Dispatches from MIT CIO Symposium
Cambridge, MA -- Updates from the annual CIO Symposium at MIT. (This story will update throughout the day.)
8:30 a.m. -- The event convenes, sold out on a misty day on the MIT campus.
9:00 -- CEO panel from Zipcar, ValTech, Markley Group, OMG says economy is bottomed out, consumer spending is throttled, but companies investing in technology. Customer facing IT a priority. All are investing in cloud platforms. Mobile technology is a priority, among the panel some are using cloud, some not.
Smartphones have "changed the [customer interaction] landscape very quickly." Zipcar CEO says customers don't want to interac on desktop or desk phone, majority of traffic now running on iPhone and Android. Valtech CEO says losing devices is like "leaving your plans on the battlefield" given the power of the device.
Panel moderator Gary Beach says hyperconnectivity can have a downside on productivity. One panelist says yes, basd on network traffic uptick coinciding with major sporting events.
Discussing the future of CIOs, suggestions for new meaning range from "Career is Over" to "Cloud Integration Officer" to upbeat "Chief Innovation Officer." All agree CIO needs a seat at the big table as information takes center stage continues to driver lower cost and customer satisfaction. Top information job will be more strategic, needs to be more business focused.
In the world of big data, how global should companies be? Zipcar CEO says his business is to replace car ownership, and the company must think at the local level about costs, customs, user behavior, so global data is not the answer.
Top skills for CIOs going forward, driving value to the business, understanding customer marketing platforms.
9:45 -- Academic Research Panel takes up mobile, distributed workforce, the way companies work. Panelists from MIT are Anant Agarwal, Eric Brynjolfsson, Joichi Ito.
Brynjolfsson says productivity increases against "dismal" employment growth, companies need to manage that equation.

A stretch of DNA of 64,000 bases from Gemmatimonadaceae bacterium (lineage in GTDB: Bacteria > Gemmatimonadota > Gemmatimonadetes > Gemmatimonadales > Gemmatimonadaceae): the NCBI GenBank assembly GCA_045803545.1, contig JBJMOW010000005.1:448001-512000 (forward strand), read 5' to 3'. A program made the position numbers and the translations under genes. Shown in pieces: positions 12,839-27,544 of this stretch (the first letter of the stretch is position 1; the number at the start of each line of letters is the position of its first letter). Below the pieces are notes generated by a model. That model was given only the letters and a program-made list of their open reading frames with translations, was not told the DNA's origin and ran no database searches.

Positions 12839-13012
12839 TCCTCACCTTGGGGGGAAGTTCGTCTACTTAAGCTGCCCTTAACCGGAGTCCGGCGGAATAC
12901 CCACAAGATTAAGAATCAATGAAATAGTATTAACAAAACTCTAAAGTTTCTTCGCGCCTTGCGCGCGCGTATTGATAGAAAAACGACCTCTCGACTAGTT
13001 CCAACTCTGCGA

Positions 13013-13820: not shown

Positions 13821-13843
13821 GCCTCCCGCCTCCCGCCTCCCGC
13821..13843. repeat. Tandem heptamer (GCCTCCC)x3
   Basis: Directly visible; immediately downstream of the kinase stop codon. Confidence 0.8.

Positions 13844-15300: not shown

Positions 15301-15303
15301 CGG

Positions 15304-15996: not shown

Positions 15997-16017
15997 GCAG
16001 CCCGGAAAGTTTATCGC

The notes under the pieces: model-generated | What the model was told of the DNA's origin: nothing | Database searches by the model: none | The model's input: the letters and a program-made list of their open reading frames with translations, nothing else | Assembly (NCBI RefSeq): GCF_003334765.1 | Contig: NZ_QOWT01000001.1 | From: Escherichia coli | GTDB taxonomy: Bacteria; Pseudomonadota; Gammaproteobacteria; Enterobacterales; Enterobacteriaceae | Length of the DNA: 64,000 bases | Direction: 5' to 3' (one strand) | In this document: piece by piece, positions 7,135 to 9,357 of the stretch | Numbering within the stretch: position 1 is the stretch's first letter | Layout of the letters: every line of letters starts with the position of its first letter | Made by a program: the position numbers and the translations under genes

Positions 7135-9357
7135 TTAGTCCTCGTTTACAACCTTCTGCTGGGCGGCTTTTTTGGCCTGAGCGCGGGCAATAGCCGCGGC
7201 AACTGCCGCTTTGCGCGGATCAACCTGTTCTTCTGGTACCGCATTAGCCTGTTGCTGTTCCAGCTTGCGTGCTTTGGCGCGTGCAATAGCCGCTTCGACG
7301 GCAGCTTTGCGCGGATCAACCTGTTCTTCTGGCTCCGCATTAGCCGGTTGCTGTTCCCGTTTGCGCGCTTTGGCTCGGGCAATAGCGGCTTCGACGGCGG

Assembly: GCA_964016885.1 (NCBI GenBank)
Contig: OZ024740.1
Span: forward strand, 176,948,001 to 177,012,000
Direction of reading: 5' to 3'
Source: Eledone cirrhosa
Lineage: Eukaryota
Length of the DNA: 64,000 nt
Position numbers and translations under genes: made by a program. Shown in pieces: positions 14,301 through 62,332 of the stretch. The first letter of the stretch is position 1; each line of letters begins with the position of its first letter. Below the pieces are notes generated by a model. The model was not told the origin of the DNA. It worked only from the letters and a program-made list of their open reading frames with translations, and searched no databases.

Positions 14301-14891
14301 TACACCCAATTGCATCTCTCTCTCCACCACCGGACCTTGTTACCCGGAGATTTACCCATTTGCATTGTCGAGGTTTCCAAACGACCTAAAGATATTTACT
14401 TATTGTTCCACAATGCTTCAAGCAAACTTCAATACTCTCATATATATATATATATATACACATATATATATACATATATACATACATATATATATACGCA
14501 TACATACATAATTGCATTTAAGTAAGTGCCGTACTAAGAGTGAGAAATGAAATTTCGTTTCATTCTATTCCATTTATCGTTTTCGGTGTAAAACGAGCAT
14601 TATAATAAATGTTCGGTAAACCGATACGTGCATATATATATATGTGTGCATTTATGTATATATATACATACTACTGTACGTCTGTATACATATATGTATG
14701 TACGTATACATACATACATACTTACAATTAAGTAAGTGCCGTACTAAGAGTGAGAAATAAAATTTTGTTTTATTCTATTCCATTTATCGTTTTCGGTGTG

Agarwal says the "ultimate untethering" is freeing people to use preferred devices anywhere on their own time. Ito adds, "Agility beats strategy every time." Printing presses are libilities, tethering to any asset is. Brynjolfsson says CIOs need to manage an architecture that supports that.
How do you release ideas and technologies without wasting time or hand wringing? You don't need to wait for traction to make a decision, Ito says. The original idea for Wikipedia would have been kicked out the door otherwise. Double down on the home runs.
How does an enterprise manage failure in a way VC does not? Ito says if you release something you're not initially embarrassed by, you are too late. Opportunity cost is greater today than the cost of experimentation.
Brynjolffson says agile is important not to let weak releases linger and fail. Companies need constant "pruning," a different culture than the "five year plan to come up with the one best plan" and cites Joseph Alois Shumpeter.
Agarwal says untetered is congruent with resilient as long as the organization is agile.
Ito says there is a big difference between data driven and metrics driven and the latter can be limiting. That's why pattern recognition in big data is "what the data is trying to tell you," the theory comes out of that. Brynjolffson says data driven is not just"taking a vote from the customers" but other dimensions and patterns are more compelling. Agarwal says a consensus view is a low-pass filter and damaging to innovation that makes for slow-moving organizations.
Brynjolfsson on evolving APIs and disparate ways to access data and third parties like Facebook: Curation is art and science, not planting 1,000 flowers and waiting for them all to bloom, setting how things look and feel is the difference between hugely successful companies like Facebook, lesser success and failure.
"Superstar" economy, "lumpy" investment results is new environment. Policy makers are not taking the effect seriously Brynjolfsson says. Agarwal says mom and pop shops could create tutorial spots like tea shops and create new economies. Ito says future of science and technology needs to create things that don't negatively impact the system. "Nature is not fair but it's balanced in a way," (i.e. opportunism is not necessarily so).
11:15 -- CIO Keynote Panel, Christian Anscheutz, CIO Underwriters Labs, Bill Krivoshik, CIO, Time Warner, Frank Modruson, CIO, Accenture, Tom Sanzone, SVP, Booz Allen Hamilton, Steven John, Strategic CIO, Workday. There is predictably some qualification and disagreement with the freedom and experimentation themes of the preceding academic panel. Underwriters Labs CIO says the approach is nice but "aspirational." Time Warner CIO says it was "a bit academic" based on scales of existing investments and commitments.